Sadeq al Ahmar the tribal leader who fought Yemen's government forces has agreed to a truce with the country's vice president, Yemen's interim ruler, the tribal leader's spokesman said Sunday. "In response to the vice president's call to end confrontation in Sana'a, Sadeq Al-Ahmar has ordered his fighters to evacuate the government buildings they took over since the beginning of the clashes two weeks ago and to halt all fighting in the capital," Abdulqawi Al-Qaisi said.
Al-Ahmar's gunmen are suspected of being behind an attack on a mosque within the presidential palace Friday that left Yemeni President Ali Abdullah Saleh injured. Saleh was treated in Saudi Arabia.
Saleh's condition was unclear. Western diplomatic sources conveyed the veteran leader was undergoing neurosurgery while a spokesman for his party conveyed he was undergoing "simple check-ups." Vice President Abed Rabbo Mansour Hadi is in charge during his absence.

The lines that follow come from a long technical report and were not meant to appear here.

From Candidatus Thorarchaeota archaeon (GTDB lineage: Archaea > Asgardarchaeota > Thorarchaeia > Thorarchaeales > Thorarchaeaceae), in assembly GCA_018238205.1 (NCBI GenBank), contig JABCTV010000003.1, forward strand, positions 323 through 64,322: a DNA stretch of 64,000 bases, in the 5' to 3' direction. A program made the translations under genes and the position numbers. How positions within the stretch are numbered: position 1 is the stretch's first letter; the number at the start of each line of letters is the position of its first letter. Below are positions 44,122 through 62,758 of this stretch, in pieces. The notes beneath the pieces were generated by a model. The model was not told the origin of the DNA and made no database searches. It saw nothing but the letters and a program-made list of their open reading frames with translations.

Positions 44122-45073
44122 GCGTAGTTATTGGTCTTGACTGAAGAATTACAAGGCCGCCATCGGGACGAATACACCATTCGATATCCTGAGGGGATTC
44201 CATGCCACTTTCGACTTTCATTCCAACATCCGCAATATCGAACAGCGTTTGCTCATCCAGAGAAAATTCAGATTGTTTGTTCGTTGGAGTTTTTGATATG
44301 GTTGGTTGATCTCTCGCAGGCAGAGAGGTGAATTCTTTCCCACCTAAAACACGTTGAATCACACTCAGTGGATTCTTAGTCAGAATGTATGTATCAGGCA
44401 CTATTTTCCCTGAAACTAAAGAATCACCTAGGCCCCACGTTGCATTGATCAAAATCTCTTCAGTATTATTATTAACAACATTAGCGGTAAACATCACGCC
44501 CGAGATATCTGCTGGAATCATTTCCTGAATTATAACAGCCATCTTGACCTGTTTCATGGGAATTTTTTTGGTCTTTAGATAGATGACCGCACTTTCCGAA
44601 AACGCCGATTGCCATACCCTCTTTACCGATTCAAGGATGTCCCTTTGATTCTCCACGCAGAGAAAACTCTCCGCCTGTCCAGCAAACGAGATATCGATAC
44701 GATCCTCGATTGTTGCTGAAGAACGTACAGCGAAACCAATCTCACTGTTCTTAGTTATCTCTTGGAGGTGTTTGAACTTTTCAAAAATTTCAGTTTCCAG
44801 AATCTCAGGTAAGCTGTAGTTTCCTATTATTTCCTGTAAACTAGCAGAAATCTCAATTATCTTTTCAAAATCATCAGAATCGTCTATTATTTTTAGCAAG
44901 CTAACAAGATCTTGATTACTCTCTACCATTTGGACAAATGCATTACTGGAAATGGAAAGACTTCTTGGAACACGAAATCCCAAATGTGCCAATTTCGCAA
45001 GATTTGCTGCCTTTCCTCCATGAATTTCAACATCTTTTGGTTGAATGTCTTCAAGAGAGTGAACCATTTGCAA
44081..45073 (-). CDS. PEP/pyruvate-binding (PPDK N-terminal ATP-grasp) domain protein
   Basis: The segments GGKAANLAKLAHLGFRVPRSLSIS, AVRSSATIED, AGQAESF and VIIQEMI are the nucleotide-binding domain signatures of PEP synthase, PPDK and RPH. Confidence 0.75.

A senior U.S. official said Saleh had shrapnel wounds and severe burns to his face and chest.
It is not clear if Saleh intends to return to his country or remain in Saudi Arabia. Another question is whether his absence means that the goal of the popular revolution is achieved.